In case you missed the update about this pregnancy being considered high risk, you can read it here – What I haven’t said about my pregnancy. I’m going back to where I left off and doing bump progress shots, with more information about what we’ve learned along the way about our baby girl and her medical issue. All of these leading up to 33 weeks are written in past tense, just from what I remember was going on. I want a record for myself, for my little girl and to help anyone else who may find themselves in a similar situation.
January 9th – January 15th
How big is baby? She is the size of a papaya! And she’s approximately 10.5-11.8″ in length and 12.7-20.8 ounces. Her eyes are developing and she is starting to sleep in long stretches of 12-14 hours.
How I’m feeling? This was a big week for our girl, where we had our repeat anatomy scan and a fetal echo on January 14th. Both of these were at the maternal fetal center, so we saw a high risk OB. This experience kind of set the tone for all future medical interactions as we’ve been on this path, and I can’t say enough good things about the nurses, the technicians and the doctor we met with. We could really tell how much these individuals love their jobs, and love to help families. It was just really positive and amazing, which was so needed at that time since we did receive confirmation for duodenal atresia. Luckily, the echo seemed to be clear.
Since Down Syndrome is most commonly associated with DA, the doctor suggested we have an amnio or some kind of genetic testing. We were 100% on board with that because we wanted to be as prepared as possible, for whatever might be on the horizon. Luckily, that day they were able to get us in for an amnio, and we also met with the genetic counselor. She went over our family history with us, and mapped things out to find any markers or connections. We had a couple options other than the amnio, but we chose that because it has the fastest result and is the most accurate.
After that day was over, I had to be on bed-rest for 24 hours from the amnio so we came home and just rested. My mom had Ezra that day, and she brought him and some dinner over. All that was left to do was to wait to hear back our amnio results.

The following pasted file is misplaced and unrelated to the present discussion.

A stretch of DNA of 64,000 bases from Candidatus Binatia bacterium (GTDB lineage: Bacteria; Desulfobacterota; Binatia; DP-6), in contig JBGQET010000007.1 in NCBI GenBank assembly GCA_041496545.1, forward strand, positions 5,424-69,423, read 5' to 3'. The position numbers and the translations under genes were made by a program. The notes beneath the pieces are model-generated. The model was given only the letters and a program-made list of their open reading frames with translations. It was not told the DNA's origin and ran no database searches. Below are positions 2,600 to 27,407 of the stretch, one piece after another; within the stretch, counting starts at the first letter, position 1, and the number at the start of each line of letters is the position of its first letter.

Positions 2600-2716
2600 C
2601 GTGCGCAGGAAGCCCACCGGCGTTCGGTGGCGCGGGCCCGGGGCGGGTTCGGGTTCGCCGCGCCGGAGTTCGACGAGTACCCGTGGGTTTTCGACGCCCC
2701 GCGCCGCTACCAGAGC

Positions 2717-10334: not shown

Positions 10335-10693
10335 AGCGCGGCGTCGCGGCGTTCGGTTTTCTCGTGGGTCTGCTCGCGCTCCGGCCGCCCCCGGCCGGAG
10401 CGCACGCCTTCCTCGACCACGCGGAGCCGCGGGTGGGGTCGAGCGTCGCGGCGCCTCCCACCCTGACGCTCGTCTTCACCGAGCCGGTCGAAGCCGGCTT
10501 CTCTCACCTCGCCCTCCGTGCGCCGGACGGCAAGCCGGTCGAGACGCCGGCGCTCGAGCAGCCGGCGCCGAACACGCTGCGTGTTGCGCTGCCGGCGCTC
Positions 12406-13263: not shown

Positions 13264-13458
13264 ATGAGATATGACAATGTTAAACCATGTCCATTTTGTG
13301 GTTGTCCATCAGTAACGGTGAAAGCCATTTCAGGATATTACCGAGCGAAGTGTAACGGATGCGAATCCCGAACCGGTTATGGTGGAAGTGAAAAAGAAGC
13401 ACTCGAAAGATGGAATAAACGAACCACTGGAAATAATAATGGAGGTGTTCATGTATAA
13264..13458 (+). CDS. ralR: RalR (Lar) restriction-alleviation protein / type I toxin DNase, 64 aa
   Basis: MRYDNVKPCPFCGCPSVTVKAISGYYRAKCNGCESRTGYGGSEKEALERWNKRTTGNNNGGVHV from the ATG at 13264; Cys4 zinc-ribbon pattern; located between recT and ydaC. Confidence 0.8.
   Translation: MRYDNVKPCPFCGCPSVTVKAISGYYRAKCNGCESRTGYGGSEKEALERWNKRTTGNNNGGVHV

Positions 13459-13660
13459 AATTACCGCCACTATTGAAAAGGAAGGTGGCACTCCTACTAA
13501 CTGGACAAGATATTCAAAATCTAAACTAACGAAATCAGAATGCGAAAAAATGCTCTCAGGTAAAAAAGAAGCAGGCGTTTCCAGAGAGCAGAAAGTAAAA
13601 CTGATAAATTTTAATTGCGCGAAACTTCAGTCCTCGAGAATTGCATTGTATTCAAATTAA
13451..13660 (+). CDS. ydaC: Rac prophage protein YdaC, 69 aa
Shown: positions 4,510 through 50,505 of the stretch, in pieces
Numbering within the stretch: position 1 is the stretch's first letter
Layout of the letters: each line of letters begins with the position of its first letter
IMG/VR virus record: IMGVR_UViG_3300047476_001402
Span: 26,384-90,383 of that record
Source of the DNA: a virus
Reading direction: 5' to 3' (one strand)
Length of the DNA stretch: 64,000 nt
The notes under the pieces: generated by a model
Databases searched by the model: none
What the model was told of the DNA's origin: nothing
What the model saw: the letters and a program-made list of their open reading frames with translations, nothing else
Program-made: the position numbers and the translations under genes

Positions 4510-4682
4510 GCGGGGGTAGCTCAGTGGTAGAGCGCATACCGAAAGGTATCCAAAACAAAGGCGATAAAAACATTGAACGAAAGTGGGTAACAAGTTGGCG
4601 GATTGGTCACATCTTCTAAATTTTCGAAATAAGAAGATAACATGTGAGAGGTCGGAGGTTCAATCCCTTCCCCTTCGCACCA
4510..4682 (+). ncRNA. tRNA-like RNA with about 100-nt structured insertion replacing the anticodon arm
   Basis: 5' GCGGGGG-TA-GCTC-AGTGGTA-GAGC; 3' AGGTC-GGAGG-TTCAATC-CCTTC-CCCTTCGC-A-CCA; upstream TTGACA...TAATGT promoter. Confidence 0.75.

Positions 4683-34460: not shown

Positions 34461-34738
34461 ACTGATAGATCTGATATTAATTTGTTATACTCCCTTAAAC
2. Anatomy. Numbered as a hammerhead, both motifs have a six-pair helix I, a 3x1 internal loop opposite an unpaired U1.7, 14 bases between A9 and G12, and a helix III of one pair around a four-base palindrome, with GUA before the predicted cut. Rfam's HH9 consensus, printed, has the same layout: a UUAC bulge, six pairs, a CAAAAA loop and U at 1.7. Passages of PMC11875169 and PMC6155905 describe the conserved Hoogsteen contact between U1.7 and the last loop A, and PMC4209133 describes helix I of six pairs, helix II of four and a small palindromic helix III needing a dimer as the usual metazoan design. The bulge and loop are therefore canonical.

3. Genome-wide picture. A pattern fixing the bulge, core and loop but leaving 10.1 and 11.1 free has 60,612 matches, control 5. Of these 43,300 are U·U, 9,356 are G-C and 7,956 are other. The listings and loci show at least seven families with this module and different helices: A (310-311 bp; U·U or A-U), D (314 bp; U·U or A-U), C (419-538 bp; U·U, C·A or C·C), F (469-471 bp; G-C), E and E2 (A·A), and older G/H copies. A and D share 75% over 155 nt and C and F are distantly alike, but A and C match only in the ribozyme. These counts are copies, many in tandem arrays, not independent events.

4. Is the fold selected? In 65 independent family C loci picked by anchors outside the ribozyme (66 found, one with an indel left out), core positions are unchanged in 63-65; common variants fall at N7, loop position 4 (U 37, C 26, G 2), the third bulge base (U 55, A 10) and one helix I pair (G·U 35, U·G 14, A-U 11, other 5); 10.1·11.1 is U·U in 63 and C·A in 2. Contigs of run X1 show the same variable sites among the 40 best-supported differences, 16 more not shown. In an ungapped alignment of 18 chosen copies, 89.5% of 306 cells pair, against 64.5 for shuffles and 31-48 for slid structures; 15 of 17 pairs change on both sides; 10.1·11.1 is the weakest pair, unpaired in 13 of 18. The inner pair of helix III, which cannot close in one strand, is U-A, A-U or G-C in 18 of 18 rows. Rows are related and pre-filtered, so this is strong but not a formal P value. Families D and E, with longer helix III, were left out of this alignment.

As a way to cope, we had both settled in our hearts that the amnio would come back with a positive Downs diagnosis. It was how we had approached things from the start when we first learned there was an “issue” and, really, we knew we would not be disappointed regardless. By the end of the week, we got the call back from the genetic counselor that our initial results were in (which is 99% accurate) and the baby showed no signs of any genetic abnormalities.
I remember crying after that phone call, for a number of reasons, which I’m not really prepared to talk about right now but our main emotion was relief that this little girl’s struggles seem to be isolated to one area. To be honest, I almost feel guilty even using the word “relief” – because a Down Syndrome diagnosis would not have been negative in our eyes. This issue is a complicated one, which is why I say I’m not ready to talk about it too much yet.
Any cravings or weird dreams? No and no. This was a stressful week, though I’m sure I probably did have dreams about what was going on.
Any other details? With the confirmation of duodenal atresia, things began to move fairly quickly. The day after the repeat scan, echo and amnio, I got a phone call from our local Children’s Hospital about scheduling an MRI and a second echo. The high risk OB had ordered these tests to isolate where in her GI system the issue was, as well as to just further confirm her heart was healthy. I also got a call from a nurse advocate who had been assigned to us, to help guide us through everything and to serve as a touchpoint through the process for any questions, concerns, etc. This guy has been a big source of stress relief for me, because I know I can call him at any time and ask any question – no matter how stupid it may be – and he’ll help me understand what’s going on.